Calcium Nitrate

CAS RN:10124-37-5

Health Effects

    • A) USES: Calcium carbonate is used medically as an antacid. Calcium citrate and calcium carbonate are used as dietary supplements. Calcium chloride and gluconate are used medically for treatment of hypocalcemia, hyperkalemia, and hypermagnesemia. Calcium salts are used in manufacturing, mining and other industries.
    • B) PHARMACOLOGY: Calcium is a cation that is necessary for many physiological activities, some of which are poorly understood. It is essential for the normal functioning of organ systems including the muscles, nervous system, and cardiac function.
    • C) TOXICOLOGY: Hypercalcemia may cause abdominal pain, delirium and renal stones. Prolonged ingestion of alkaline calcium salts may cause metabolic alkalosis and hypercalcemia (the "milk-alkali syndrome").
    • D) EPIDEMIOLOGY: Exposure to calcium containing antacids is common, but significant toxicity is very rare.
      • 1) ADVERSE EFFECTS: Calcium supplements may cause GI upset or constipation. Patients with renal insufficiency may develop hypercalcemia. Extravasation of calcium chloride salts may cause local irritation or necrosis. Rapid intravenous administration of calcium salts may cause hypotension, bradycardia, syncope, and cardiac dysrhythmias.
      • 1) MILD TO MODERATE TOXICITY: Acute calcium poisoning is rare, and almost exclusively from intravenous administration. Symptoms of hypercalcemia include lethargy, muscle weakness, vomiting, nausea and constipation. Some calcium salts cause gastrointestinal irritation. Minor skin exposure to caustic calcium salts may cause dermal irritation.
      • 2) SEVERE TOXICITY: Life threatening manifestations are very rare and include complications from altered mental status such as aspiration pneumonia, and cardiac dysrhythmias.
  • A) Calcium is classified as FDA pregnancy category C. There are no adequate and well-controlled studies of calcium use in pregnant women. The teratogenic risk associated with a normal calcium concentration in the blood appears to be minimal. A case report described milk-alkali syndrome in a pregnant woman who ingested large quantities of calcium carbonate, milk, and cheese for hyperemesis. A stillborn fetus with short limbs, low-set ears, normal chromosomes, and lack of evidence of tissue calcification was delivered at week 37 gestation. Calcium is secreted in breast milk in significant amounts; infant harm is not expected if the maternal calcium levels are maintained within the normal range.
    • A) USES: Nitrites are commonly found in the manufacturing industry; they are used in the manufacture of diazo dyes, potassium salts, nitroso compounds, and nitrogen oxide, dyeing and printing textile fabrics, in photography, as reagents in analytical chemistry, as a key chemical in metal treatment and finishing operations, and bleaching flax, silk, and linen. Nitrites are also used in meat curing and preserving, and high inorganic nitrite (KNO2, NaNO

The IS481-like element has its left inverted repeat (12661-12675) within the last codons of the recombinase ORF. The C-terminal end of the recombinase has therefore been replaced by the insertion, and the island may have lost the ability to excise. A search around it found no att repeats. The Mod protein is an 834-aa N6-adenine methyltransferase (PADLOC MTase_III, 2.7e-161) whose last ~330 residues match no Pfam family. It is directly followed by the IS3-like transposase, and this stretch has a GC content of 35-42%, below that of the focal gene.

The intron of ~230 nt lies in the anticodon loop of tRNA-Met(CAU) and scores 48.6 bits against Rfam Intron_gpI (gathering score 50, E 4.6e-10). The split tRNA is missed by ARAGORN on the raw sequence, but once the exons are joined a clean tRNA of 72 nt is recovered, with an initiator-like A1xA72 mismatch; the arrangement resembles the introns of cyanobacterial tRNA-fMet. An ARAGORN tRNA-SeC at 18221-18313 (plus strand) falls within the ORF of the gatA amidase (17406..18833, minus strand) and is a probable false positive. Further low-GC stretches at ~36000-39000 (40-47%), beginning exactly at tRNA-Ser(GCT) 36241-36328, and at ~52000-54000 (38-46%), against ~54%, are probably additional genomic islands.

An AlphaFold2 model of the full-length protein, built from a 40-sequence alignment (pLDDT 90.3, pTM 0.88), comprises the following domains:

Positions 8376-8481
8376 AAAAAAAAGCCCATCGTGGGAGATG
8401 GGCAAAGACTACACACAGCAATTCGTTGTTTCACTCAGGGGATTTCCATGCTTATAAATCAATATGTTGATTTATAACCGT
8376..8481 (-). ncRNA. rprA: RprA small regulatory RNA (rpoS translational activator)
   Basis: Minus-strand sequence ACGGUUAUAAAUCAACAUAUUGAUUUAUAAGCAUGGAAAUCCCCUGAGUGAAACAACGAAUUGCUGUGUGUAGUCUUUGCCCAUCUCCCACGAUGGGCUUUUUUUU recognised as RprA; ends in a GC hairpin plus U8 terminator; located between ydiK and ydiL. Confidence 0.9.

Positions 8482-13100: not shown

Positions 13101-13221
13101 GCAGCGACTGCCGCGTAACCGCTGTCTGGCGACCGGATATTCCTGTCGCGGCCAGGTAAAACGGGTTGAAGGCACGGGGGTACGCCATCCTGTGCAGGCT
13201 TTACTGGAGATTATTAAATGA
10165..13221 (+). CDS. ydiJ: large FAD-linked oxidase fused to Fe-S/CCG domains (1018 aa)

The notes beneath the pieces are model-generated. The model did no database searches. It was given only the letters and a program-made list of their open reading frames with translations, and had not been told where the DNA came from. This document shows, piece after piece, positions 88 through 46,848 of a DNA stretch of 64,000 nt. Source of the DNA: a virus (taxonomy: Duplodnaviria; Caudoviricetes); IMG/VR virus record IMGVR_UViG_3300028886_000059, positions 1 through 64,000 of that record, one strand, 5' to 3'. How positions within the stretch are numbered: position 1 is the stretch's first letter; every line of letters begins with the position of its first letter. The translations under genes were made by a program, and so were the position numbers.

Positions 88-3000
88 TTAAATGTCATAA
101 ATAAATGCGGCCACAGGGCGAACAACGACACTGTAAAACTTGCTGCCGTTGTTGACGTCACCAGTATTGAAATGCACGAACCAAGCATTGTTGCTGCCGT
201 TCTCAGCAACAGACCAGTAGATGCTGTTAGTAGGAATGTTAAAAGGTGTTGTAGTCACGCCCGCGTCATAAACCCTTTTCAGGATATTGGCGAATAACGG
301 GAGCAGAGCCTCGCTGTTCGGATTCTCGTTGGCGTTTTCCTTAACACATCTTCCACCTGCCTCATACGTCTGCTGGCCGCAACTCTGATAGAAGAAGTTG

• 2) levels may be found in well water contaminated by septic tanks, municipal sewage, fertilizers, and feed lots where bacteria reduce nitrates to nitrites. Medically, sodium nitrite is used as an adjunct to disinfectant fluids to prevent rusting of the instruments. Sodium nitrite is also used as an antidote to cyanide poisoning in combination with sodium thiosulfate. Please refer to "SODIUM NITRITE" management for more information.
    • B) PHARMACOLOGY: Sodium nitrite acts as a vasodilator and relaxes maximally contracted smooth muscles, especially at the level of the small blood vessels. In the setting of cyanide toxicity, sodium nitrite has its therapeutic effect by creating methemoglobin which scavenges cyanide and possibly by increasing hepatic blood flow. Nitrites oxidize normal (ferrous) hemoglobin to ferric hemoglobin (methemoglobin).
    • C) TOXICOLOGY: Toxic effects of sodium nitrite are caused by an extension of therapeutic mechanisms. Significant vasodilation may cause hypotension and end-organ hypoperfusion. Excess methemoglobinemia may lead to functional hypoxia. The toxic effects of other nitrites are similar to sodium nitrite's effects.
    • D) EPIDEMIOLOGY: Overdose is rare.
      • 1) MILD TO MODERATE TOXICITY: Hypotension with syncope and tachycardia are common findings in toxicity. Cyanosis may also be noted due to methemoglobinemia. Other common symptoms include headache, nausea, vomiting, and abdominal pain.
      • 2) SEVERE TOXICITY: In cases of severe toxicity, patients may develop severe hypotension, distributive shock, coronary ischemia, cerebrovascular disease, and seizures. Profound methemoglobinemia may lead to respiratory depression, and coma. Death due to nitrite poisoning is caused by uncontrolled vasodilation and hypoperfusion, or by profound methemoglobinemia and functional hypoxia.
  • A) Behavioral deficits were observed in the adult offspring of rats who received sodium nitrite prenatally.
    • A) Sodium nitrite has shown a potential for carcinogenicity in animals.
Find more information on this substance at: Hazardous Substances Data Bank , TOXNET , PubMed